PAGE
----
For hundreds of years, stealing and butchering another person’s livestock was a common crime. But it was hard to prove unless the thief was caught with a dead animal … and blood on his hands, hence – red-handed.
The term seems to have derived from Scotland.
Red-hand appears in print many times in Scottish legal proceedings from the 15th century onward; for example, this piece from Sir George Mackenzie’s A discourse upon the laws and customs of Scotland in matters criminal, 1674:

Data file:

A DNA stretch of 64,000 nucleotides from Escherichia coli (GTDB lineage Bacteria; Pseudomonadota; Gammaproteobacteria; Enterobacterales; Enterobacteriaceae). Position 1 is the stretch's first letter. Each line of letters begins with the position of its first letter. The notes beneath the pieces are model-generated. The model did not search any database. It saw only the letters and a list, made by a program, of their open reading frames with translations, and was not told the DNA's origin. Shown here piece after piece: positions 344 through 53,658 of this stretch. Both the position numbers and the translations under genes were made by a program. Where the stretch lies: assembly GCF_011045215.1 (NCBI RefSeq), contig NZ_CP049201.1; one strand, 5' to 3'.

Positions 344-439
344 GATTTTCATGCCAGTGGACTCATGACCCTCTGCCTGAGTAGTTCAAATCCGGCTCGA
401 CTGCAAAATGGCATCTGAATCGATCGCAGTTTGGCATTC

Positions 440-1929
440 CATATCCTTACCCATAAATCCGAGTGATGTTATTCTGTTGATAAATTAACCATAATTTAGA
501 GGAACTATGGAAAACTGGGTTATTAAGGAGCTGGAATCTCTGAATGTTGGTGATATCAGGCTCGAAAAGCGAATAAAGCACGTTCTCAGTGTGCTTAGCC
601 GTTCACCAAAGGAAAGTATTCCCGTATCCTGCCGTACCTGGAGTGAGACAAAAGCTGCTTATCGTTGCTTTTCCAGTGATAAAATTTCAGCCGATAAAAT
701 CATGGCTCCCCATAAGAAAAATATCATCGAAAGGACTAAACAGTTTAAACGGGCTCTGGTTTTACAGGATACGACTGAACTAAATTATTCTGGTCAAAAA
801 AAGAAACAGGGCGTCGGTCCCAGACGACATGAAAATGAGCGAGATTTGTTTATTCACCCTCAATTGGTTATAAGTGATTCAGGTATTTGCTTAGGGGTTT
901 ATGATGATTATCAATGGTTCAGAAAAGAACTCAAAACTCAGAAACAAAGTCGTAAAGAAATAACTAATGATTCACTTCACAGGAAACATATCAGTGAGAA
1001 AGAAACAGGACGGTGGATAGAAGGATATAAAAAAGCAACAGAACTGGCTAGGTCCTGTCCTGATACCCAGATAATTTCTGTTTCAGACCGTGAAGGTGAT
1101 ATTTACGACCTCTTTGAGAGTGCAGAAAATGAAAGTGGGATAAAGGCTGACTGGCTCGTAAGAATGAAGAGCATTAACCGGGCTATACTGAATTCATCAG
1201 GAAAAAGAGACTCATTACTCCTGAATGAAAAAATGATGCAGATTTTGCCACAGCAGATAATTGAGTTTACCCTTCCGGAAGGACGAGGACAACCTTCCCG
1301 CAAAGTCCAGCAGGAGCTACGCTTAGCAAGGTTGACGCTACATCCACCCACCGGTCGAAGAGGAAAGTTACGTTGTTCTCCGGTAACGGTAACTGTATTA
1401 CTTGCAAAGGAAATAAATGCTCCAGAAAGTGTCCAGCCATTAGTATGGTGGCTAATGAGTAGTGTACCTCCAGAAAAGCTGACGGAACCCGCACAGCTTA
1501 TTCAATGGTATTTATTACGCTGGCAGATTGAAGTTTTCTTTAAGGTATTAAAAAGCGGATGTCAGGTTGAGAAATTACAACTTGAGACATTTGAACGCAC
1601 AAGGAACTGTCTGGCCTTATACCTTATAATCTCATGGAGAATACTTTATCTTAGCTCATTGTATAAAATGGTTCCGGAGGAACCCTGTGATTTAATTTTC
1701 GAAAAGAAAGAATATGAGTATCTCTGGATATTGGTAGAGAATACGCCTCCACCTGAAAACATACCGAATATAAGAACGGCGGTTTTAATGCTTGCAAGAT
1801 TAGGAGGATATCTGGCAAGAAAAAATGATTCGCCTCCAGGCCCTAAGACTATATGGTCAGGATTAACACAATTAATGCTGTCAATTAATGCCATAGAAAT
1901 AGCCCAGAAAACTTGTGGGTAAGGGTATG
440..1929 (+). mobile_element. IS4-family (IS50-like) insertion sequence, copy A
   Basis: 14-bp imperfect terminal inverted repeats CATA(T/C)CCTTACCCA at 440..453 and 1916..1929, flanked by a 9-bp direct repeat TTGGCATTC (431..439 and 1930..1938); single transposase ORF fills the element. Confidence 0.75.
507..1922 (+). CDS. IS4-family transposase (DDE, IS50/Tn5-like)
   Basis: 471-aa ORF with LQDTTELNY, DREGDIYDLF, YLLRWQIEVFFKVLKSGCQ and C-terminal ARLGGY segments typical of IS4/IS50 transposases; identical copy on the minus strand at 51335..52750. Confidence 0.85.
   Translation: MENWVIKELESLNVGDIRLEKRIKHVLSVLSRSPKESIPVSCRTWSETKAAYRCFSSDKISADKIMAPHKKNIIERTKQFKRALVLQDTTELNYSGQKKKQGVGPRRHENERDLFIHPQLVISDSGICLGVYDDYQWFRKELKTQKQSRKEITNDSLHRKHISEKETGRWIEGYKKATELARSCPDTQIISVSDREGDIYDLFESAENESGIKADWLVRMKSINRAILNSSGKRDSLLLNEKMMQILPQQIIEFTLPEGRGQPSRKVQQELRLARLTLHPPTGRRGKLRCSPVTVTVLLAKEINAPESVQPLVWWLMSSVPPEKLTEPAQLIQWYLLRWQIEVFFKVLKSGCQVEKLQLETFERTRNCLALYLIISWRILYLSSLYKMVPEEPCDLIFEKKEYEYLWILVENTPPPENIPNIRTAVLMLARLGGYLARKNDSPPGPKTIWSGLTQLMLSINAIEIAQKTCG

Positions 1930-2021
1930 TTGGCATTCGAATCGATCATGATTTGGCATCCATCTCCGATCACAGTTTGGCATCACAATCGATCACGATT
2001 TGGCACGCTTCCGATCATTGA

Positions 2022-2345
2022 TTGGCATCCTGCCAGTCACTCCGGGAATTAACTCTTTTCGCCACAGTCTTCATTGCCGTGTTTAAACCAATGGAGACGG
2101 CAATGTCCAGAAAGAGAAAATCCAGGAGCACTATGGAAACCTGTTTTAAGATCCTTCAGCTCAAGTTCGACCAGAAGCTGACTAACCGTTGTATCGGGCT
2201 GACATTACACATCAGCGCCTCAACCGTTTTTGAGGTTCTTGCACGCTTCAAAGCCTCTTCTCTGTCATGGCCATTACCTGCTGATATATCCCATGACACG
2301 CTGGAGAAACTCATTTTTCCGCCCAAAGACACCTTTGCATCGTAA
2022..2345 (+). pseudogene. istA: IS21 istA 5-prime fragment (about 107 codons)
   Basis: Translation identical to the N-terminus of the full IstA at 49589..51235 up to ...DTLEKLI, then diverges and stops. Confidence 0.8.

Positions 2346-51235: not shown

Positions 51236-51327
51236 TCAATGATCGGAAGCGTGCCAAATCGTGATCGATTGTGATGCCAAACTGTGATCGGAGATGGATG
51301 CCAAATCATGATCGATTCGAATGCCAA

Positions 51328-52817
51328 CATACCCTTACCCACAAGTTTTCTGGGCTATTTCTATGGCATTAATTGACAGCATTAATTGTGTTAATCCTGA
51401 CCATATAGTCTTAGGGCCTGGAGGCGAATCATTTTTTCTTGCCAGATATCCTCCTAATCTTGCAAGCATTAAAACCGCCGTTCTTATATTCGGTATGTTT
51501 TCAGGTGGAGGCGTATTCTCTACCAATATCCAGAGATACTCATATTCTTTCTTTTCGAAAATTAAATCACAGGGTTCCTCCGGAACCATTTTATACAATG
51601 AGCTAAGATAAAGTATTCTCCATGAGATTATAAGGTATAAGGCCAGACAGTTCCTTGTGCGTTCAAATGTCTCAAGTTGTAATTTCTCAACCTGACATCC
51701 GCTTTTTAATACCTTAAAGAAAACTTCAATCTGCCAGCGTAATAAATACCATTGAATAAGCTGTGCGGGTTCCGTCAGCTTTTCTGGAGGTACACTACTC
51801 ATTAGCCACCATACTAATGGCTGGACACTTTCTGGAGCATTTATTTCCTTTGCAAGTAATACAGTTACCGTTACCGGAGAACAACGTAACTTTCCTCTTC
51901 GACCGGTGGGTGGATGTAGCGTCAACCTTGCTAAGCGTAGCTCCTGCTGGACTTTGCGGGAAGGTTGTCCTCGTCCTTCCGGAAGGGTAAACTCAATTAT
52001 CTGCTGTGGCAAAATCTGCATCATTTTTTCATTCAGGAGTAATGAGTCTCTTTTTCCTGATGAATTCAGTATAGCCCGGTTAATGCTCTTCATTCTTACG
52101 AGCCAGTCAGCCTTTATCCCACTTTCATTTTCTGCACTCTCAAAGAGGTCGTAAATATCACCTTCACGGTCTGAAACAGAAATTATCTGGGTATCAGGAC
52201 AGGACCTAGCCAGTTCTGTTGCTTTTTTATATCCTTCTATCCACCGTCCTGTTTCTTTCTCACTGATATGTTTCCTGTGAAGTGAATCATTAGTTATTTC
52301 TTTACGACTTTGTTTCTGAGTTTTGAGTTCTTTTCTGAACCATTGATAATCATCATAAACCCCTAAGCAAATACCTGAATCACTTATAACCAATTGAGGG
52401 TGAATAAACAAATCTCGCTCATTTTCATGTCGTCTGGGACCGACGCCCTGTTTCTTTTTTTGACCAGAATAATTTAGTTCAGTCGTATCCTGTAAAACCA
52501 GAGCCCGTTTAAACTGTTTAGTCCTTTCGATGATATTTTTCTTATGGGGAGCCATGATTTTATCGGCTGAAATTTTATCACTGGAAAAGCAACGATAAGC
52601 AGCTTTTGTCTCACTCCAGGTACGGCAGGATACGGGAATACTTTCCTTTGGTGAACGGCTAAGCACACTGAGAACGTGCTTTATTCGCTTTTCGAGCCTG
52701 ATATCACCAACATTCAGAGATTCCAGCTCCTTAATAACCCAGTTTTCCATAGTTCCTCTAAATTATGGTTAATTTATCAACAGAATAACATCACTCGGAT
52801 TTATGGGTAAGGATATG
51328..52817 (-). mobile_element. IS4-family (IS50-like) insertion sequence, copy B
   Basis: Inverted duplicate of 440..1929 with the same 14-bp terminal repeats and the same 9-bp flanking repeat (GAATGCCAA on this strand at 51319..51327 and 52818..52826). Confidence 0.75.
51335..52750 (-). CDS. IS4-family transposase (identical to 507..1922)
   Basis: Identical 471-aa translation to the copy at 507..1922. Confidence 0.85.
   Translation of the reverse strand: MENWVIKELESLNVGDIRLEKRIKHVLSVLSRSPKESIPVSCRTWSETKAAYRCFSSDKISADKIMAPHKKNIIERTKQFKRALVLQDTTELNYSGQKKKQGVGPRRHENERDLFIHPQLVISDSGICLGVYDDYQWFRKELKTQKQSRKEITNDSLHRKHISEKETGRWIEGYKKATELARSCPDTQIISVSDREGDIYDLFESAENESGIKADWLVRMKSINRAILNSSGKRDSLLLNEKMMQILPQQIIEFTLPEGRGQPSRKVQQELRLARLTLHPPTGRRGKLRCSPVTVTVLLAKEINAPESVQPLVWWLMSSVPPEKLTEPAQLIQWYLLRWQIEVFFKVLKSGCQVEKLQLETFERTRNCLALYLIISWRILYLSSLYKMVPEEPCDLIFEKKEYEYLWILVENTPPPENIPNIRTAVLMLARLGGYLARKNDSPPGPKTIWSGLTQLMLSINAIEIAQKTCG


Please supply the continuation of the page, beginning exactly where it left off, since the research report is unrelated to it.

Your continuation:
“If he be not taken red-hand the sheriff cannot proceed against him.”
The earliest known printed version of ‘red-handed’ is from Sir Walter Scott’sIvanhoe, 1819:
“I did but tie one fellow, who was taken redhanded and in the fact, to the horns of a wild stag.”